Understanding impact bias is crucial as it can help individuals make more accurate predictions about their future emotions and adjust their expectations accordingly. Recognizing that the intensity and duration of emotional reactions are often not as long-lasting as anticipated can lead to more realistic and adaptive responses to life events.
What is impact bias?

Easy Definition of Impact Bias

Don't be overly worried about a specific bad event that might happen in the future. The future is unlikely to be disastrous if that event occurs. Similarly, don't think that if a specific good event occurs, your future will be heavenly. That's impact bias.

Academic Definition of Impact Bias

Impact bias is overestimating the length or the intensity of future feelings in reaction to either good or bad occurrences.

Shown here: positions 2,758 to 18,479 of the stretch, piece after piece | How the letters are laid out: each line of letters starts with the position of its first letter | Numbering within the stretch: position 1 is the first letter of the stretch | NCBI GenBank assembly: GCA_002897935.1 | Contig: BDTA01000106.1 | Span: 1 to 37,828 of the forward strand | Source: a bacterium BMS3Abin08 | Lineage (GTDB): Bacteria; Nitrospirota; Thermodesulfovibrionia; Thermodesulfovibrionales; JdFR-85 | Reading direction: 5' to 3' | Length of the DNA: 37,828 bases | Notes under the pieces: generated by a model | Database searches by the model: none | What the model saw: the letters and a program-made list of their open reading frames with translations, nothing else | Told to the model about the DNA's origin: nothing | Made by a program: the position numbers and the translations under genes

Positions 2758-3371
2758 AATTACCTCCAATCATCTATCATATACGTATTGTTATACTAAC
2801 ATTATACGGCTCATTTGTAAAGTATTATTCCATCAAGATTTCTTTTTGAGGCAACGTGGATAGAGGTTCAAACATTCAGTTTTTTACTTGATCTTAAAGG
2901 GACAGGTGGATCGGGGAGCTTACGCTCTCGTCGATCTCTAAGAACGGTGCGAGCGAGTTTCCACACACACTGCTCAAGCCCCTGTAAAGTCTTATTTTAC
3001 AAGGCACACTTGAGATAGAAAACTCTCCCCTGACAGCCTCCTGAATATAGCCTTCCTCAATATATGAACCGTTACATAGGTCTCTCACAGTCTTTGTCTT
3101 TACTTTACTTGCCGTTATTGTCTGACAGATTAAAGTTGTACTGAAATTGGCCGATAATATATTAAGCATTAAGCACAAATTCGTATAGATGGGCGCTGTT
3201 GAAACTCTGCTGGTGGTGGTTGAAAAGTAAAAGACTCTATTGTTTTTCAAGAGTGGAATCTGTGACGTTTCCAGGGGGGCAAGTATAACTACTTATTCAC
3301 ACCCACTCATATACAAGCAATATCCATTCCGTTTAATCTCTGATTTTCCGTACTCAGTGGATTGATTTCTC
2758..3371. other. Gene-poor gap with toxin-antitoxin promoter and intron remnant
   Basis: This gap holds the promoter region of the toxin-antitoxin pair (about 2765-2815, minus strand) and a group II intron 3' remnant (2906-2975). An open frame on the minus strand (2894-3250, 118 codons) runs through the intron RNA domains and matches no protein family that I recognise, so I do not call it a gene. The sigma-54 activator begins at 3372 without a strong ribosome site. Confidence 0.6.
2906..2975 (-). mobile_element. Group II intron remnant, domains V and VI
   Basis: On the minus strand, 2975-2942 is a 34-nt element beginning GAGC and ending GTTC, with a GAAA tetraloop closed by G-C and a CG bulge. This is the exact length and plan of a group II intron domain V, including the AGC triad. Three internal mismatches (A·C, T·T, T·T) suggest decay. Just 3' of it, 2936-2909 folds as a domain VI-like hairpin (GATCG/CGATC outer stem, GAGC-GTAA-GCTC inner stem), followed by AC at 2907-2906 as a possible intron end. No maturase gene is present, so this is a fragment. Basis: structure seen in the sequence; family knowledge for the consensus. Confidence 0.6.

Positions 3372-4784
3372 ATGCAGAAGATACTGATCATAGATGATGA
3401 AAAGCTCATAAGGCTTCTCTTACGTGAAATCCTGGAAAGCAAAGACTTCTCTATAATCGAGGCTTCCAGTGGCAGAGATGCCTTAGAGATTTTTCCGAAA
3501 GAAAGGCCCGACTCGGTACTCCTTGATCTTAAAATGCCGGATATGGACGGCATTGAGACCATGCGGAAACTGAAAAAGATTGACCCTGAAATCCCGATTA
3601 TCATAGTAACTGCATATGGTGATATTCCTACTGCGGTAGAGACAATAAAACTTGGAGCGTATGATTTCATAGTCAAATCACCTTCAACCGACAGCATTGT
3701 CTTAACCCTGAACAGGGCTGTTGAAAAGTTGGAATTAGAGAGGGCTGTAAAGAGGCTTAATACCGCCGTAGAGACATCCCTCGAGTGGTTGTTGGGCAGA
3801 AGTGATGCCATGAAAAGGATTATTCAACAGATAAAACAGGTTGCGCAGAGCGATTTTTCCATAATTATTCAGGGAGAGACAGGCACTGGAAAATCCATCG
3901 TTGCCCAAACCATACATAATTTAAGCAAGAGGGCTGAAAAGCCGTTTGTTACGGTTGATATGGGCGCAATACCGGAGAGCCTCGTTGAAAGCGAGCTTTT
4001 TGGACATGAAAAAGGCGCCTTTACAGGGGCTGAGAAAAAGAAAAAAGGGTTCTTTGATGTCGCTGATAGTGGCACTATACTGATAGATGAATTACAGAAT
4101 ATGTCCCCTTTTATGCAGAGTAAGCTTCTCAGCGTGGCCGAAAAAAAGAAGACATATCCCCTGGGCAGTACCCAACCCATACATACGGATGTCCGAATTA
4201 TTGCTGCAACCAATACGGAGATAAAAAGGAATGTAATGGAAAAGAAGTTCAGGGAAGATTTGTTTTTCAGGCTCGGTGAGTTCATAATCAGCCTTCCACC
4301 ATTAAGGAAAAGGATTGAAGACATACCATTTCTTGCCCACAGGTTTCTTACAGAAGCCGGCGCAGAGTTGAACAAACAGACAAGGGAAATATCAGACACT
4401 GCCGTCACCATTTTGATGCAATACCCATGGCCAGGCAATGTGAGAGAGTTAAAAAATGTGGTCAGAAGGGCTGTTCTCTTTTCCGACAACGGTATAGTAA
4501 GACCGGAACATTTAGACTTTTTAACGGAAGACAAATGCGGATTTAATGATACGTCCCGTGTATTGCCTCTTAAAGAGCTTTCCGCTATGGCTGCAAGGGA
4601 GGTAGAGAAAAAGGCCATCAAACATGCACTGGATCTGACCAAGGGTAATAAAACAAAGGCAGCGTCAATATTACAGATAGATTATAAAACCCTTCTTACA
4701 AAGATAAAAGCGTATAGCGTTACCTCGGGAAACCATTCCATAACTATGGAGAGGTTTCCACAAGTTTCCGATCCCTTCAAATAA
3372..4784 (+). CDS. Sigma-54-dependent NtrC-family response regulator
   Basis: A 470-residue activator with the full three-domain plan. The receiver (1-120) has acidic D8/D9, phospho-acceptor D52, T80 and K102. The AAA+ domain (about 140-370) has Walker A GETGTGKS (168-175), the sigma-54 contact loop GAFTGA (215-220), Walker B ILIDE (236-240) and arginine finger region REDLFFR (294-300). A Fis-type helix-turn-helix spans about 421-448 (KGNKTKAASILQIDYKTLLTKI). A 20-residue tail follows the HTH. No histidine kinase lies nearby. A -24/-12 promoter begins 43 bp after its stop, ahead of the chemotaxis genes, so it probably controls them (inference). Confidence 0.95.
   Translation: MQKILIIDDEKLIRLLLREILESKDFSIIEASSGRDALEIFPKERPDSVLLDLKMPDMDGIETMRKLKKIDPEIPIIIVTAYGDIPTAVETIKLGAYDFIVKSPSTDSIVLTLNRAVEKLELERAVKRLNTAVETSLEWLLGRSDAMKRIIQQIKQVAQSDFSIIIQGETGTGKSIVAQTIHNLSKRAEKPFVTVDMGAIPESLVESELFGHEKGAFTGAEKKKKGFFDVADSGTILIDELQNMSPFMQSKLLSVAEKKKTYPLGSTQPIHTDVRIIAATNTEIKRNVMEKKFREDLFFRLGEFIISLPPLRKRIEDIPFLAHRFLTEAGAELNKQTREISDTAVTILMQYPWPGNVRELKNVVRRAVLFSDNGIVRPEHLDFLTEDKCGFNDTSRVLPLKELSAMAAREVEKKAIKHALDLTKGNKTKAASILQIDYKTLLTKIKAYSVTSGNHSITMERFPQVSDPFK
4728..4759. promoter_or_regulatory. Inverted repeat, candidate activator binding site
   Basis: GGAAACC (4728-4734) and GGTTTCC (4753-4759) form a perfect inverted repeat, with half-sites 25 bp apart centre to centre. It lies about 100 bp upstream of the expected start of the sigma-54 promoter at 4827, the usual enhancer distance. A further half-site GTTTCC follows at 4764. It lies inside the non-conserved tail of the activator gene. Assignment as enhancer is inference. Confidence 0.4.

An Example of Impact Bias

It won't be as bad as you think

impact bias breakup The fear of something bad happening often magnifies how bad you think it will be. Most of the time, the expectation doesn't match the reality. For example, people often say things like "I would never cope if my wife left me". One sports car, a bachelor pad and an insatiable new girlfriend later, they're wondering what they ever saw in her...or him of course...it works for girls too.

Before the bad event occurs, your mind envisages a life focused solely around the bad event. In reality, the bad event is likely to be overshadowed by all sorts of other events happening at the same time.
Former Vice President of the United States, Dan Quayle, is often ridiculed for this quote:

"The future will be better tomorrow."